• INC 500 companies: When asked if the use of social media has been successful for their business, theoverwhelming response is that it has. Twitter users report an 82% success rate whileevery other tool studied enjoys at least an 87% success level. Measuring success wasinvestigated and most respondents report using hits, comments, leads or sales as primaryindicators (see graph below).Fastest growing private US companiesHits, comments, leads or sales as primary ROI indicatorsIncrease in all except wikis since 2007
  • RT: many companies looking at marketing and sales through social media such as twitter and facebook. But I believe that this is only the surface as we are beginning to see some fundamental changes in the way companies create value.
  • Kay, J. (1993) Foundations of Corporate Success, Oxford, Oxford University Press.
  • Kay, J. (1993) Foundations of Corporate Success, Oxford, Oxford University Press.
  • http://findarticles.com/p/articles/mi_go1566/is_201002/ai_n52375782/?tag=content;col1http://planningpool.com/2010/03/tech/social-media-transit-fun/ http://www.youtube.com/watch?v=Ryne05wiQ_chttp://www.translink.ca/en/About-TransLink/Media/2010/February/TransLink-Foursquare-latest-Olympics-pairs-partners.aspxhttp://twitter.com/carbonchaos2010
  • RT: the 3D internet characterized by ….(next slide)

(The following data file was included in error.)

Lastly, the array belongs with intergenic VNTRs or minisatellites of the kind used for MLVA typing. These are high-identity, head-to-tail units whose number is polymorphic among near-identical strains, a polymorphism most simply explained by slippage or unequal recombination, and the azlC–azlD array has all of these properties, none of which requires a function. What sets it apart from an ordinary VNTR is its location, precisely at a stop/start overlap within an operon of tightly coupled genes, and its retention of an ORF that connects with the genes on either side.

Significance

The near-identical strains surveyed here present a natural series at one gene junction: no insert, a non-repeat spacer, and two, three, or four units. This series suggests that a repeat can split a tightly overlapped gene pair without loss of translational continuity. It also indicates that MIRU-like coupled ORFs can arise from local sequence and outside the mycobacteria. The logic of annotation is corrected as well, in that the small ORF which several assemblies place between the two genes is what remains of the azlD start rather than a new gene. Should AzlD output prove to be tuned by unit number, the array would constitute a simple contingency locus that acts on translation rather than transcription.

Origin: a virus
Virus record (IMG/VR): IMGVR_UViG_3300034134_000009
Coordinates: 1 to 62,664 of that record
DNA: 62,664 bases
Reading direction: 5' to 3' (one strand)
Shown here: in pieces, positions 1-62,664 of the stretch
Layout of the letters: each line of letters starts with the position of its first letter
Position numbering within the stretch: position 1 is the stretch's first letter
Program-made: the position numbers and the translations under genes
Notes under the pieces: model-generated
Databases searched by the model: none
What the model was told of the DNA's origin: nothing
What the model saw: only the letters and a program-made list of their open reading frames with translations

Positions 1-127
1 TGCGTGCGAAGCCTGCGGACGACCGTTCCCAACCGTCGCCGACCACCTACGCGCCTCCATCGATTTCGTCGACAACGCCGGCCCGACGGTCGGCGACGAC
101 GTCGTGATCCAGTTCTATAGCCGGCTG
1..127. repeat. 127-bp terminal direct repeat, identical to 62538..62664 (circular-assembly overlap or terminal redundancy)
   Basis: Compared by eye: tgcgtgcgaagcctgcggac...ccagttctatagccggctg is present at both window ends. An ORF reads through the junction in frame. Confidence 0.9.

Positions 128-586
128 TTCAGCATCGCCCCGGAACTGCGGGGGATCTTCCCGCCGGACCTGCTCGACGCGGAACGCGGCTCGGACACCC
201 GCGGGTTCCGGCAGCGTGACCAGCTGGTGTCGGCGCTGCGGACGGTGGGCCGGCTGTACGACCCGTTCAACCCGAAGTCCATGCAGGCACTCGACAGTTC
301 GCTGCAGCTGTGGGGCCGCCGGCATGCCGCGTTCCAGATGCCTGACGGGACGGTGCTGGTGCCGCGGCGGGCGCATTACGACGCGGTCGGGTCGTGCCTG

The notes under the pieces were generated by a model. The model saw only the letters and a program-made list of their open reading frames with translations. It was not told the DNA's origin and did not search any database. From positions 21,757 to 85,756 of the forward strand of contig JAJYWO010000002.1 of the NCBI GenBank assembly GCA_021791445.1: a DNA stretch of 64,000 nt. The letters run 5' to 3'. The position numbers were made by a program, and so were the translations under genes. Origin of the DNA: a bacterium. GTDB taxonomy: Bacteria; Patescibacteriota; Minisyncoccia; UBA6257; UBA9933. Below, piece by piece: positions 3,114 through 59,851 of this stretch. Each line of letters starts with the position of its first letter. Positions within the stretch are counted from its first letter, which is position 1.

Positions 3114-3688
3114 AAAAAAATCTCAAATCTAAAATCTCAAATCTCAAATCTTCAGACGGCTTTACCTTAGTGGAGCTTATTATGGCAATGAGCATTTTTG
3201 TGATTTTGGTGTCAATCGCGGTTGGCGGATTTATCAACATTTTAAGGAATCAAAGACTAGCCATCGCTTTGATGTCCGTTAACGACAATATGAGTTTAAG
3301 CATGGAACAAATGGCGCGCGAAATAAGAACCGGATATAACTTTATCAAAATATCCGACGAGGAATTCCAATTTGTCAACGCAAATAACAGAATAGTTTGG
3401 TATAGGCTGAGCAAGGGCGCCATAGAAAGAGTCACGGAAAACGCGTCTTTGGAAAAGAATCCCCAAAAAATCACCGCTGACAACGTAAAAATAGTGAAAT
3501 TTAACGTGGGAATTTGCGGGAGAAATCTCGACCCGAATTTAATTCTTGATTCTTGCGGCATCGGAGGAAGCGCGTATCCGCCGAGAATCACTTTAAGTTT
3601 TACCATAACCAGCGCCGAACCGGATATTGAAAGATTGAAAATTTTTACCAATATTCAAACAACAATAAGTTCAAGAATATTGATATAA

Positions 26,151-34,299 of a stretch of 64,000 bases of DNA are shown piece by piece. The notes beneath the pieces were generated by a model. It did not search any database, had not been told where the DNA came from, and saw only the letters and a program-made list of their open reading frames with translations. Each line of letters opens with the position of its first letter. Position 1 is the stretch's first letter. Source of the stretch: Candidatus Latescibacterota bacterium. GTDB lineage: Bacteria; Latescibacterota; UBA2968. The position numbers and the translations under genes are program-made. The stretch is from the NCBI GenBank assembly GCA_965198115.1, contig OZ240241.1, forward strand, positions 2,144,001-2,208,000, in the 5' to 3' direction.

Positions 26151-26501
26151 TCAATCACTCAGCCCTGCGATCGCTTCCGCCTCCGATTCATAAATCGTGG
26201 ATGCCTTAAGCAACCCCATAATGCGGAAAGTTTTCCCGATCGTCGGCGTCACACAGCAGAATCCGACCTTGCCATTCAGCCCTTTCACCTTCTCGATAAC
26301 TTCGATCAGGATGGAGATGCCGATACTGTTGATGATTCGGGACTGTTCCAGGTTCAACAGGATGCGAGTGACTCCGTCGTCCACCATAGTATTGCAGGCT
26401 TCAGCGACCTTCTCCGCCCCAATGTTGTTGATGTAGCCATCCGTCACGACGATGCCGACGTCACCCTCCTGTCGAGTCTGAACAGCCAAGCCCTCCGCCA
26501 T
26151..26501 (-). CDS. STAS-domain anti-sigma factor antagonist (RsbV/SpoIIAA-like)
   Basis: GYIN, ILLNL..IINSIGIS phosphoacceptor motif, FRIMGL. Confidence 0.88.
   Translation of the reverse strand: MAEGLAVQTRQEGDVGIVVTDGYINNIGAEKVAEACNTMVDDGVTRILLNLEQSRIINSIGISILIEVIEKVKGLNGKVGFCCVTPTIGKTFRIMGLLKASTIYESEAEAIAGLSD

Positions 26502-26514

• Social Media and Public Transportation Associations

    1. 1. Creating value through social media <br />---------<br />Swedish Public Transportation Association Think Tank<br />Dr. Robin Teigland, aka<br />Karinda Rhode in SL<br />Associate Professor<br />Stockholm School of Economic<br />www.knowledgenetworking.org<br />www.slideshare.net/eteigland<br />Photo: Lundholm, Metro <br />April 2010<br />ww.sse.edu<br />
    2. 2. Did You Know: Shift Happens<br />http://www.youtube.com/watch?v=jpEnFwiqdx8&feature=fvw<br />How are these trends impacting you and your organization?<br />2<br />
    3. 3. http://www.personalizemedia.com/garys-social-media-count/<br />
    4. 4. Human capacity cannot keep up…<br />Information and knowledge<br />Growth<br />Human absorptive capacity<br />Time<br />Adapted from Cohen & Levinthal 1989<br />
    5. 5. ”No one knows everything, <br />everyone knows something, <br />all knowledge resides in humanity.”<br />networks<br />Adapted from Lévy 1997<br />
    6. 6. 6 degrees of separation<br /><ul><li>Everybody is connected to everybody else by no more than six degrees of separation.